Similarly, and presumably the reason this article is appearing here, with MMT, the contemporary extension of Keynes. It’s based on a description of the way a sovereign fiat currency actually works, and gives the government a great deal of freedom. (The US has had a full-fledged fiat currency only since, I think, 1972, so the implications are still sinking in.) The theorists are progressives (for lack of a better term), so they envision and advocate progressive policies like M4All or a Green New Deal. But in reality, for political reasons, at this point MMT applies only to military spending, where the funds are treated as endless, and not to social spending. And indeed, it frees the government to spend as much as it likes where it wants to (up to the point of unwanted inflation or resource limits, of course – but who says the military would actually stop there?)

    The law of unintended consequences applies to theories, too.

  12. Anon

    At some point, people will jettison capitalism for some sort of socialism, which would threaten democracy as well.

    The folks in Sweden, Norway, among others, would cast a “No” vote on this statement.

    1. Bruce Bartlett

      I was stating Keynes’ point of view circa the mid-1930s. The dominant forms of socialism at that time were Soviet or Nazi. I’m sure Keynes would admit today that socialism and democracy are perfectly compatible.

  13. Peter Dorman

    Keynes was complicated. Here’s an example, based on my reading of Skidelsky: In crucial respects, Keynes was a cultural radical. His enthusiastic embrace of pleasure and refined consumption, of a particular vision of good living, fits in with what we now, in retrospect, see as a hallmark of 20th century queer culture. JMK openly basked in this culture (although his marriage in midlife seemed to curtail the purely sexual part) and devoted much of his time to promoting visual and performance arts. I suspect his valorization of sensual pleasure through art and elsewhere was an element in his foregrounding of demand in economics; certainly anti-Keynesians have picked up on this and regard his theory as “degenerate”. At the same time, however, Keynes’ taste in the arts seems to have been conservative and rather elitist—at a time when radical experimentation in every art form was widespread.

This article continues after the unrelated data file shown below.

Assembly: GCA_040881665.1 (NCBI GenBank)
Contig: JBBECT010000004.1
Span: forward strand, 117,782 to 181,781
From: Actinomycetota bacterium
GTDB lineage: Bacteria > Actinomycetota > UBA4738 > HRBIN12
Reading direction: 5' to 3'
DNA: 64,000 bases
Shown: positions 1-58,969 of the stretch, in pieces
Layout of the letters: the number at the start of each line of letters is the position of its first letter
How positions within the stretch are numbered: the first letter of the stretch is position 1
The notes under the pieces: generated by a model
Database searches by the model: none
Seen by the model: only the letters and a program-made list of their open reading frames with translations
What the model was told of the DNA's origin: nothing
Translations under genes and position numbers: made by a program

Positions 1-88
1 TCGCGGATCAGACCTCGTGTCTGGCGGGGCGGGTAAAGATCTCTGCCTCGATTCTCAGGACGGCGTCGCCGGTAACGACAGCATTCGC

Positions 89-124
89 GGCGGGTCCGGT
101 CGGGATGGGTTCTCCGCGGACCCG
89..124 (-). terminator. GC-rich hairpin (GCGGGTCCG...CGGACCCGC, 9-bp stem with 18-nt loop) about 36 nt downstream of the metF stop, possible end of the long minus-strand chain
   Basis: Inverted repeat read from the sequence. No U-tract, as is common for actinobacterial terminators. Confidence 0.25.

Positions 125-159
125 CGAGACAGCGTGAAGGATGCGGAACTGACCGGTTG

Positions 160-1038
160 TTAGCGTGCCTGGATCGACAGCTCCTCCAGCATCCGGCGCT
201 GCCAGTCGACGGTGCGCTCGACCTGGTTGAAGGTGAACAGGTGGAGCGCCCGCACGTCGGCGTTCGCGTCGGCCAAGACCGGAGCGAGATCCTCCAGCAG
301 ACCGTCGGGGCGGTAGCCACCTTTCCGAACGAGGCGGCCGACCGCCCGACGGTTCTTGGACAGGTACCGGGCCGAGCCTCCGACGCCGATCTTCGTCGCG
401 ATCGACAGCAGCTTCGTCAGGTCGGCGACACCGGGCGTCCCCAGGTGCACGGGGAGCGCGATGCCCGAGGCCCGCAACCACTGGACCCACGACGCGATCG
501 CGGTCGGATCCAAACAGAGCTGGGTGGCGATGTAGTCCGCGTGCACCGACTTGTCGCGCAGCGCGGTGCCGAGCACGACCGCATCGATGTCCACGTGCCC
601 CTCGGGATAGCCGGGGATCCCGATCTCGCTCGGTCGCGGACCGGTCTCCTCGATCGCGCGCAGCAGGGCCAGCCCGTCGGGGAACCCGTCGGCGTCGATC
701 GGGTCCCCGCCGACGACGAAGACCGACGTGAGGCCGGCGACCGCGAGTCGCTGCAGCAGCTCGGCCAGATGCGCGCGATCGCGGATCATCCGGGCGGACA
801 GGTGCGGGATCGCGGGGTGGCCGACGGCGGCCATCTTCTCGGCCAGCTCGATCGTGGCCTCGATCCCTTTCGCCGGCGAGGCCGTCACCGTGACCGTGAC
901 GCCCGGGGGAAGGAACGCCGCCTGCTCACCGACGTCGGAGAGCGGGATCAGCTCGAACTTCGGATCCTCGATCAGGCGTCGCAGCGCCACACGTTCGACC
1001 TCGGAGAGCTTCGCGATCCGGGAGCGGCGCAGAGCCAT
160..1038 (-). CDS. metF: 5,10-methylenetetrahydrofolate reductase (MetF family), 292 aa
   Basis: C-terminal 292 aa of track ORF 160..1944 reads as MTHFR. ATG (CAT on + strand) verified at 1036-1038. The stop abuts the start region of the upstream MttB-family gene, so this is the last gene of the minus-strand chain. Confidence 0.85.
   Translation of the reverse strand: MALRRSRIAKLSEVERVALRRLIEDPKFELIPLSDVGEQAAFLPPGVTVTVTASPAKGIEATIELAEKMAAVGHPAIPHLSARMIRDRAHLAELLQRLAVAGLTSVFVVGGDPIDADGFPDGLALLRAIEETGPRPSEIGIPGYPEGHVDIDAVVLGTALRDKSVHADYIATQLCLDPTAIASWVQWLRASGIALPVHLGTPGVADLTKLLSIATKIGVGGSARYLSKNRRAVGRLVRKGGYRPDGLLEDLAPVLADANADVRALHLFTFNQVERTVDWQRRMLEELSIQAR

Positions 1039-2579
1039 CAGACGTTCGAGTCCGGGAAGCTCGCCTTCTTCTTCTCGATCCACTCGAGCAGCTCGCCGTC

As for politics, through most of his adult life Keynes sought to establish an alliance between the “enlightened” (nonsocialist) elements of the labor movement and the correspondingly enlightened (socially responsible) elements of the capitalist class. He did this in his role as a polemicist and political adviser, and also as an economist; The General Theory, among other things, is a brief for why workers and investors have a common interest in high levels of consumption.

    Simply dichotomizing between radical and conservative is too simple for someone like Keynes. Little boxes….

  14. notabanktoadie

    This highly undesirable result had to be resisted and could only be held at bay if rigid adherence to laissez-faire gave way, …

    Positive yields on the inherently risk-free debt of monetary sovereigns is not laissez-faire but welfare proportional to account balance.

    Nor is needlessly expensive fiat laissez-faire, e.g. the Gold Standard, but privilege for private interests such as gold owners, fiat hoarders and private banks (by making fiat too expensive for general use).

    Nor is failure to provide basic accounting services (checking/debit) in its fiat to all citizens laissez-faire – unless the definition of laissez-faire includes sovereign dereliction of duty in providing a risk-free payment system in addition to mere paper bills and coins.

    Likewise, grossly unequal distribution of necessary real resources such as land is not laissez-faire but sovereign dereliction of duty.

    To his credit, Keynes opposed the Gold Standard but otherwise I’m not sure he had an adequate definition of laissez-faire.

  15. John

    Very good post, I think this is a good take on Keynes. A while back, I read a fairly similar post on Keynes’s politics:

    As Yves rightly points out at the beginning, however, that we have no idea what Keynes would have actually thought about the rise of the welfare state. Keynes died right before his ideas were implemented on a mass scale all over the first world, which for a good two and a half decades or so, saw the greatest period of economic growth in history. (The fastest growing country during this period was the USSR, but that’s besides the point.) One can imagine him wanting to take credit for such a period of prosperity. But his turn towards the right at the end of his career may have continued, and he might have become an English version of a Goldwater Republican, disgusted by the growth of government and wishing for a return to the type of state that existed before the Great Depression.

    1. Oregoncharles

      the easiest way to grow fast is to start with very little, as the USSR did after Stalin and WWII were done with it.

    2. Anonymous 2

      He supported Beveridge’s proposals which produced the basis for the Welfare State after 1945. I am unsure how enthusiastically but he was their principal defender inside the UK Treasury.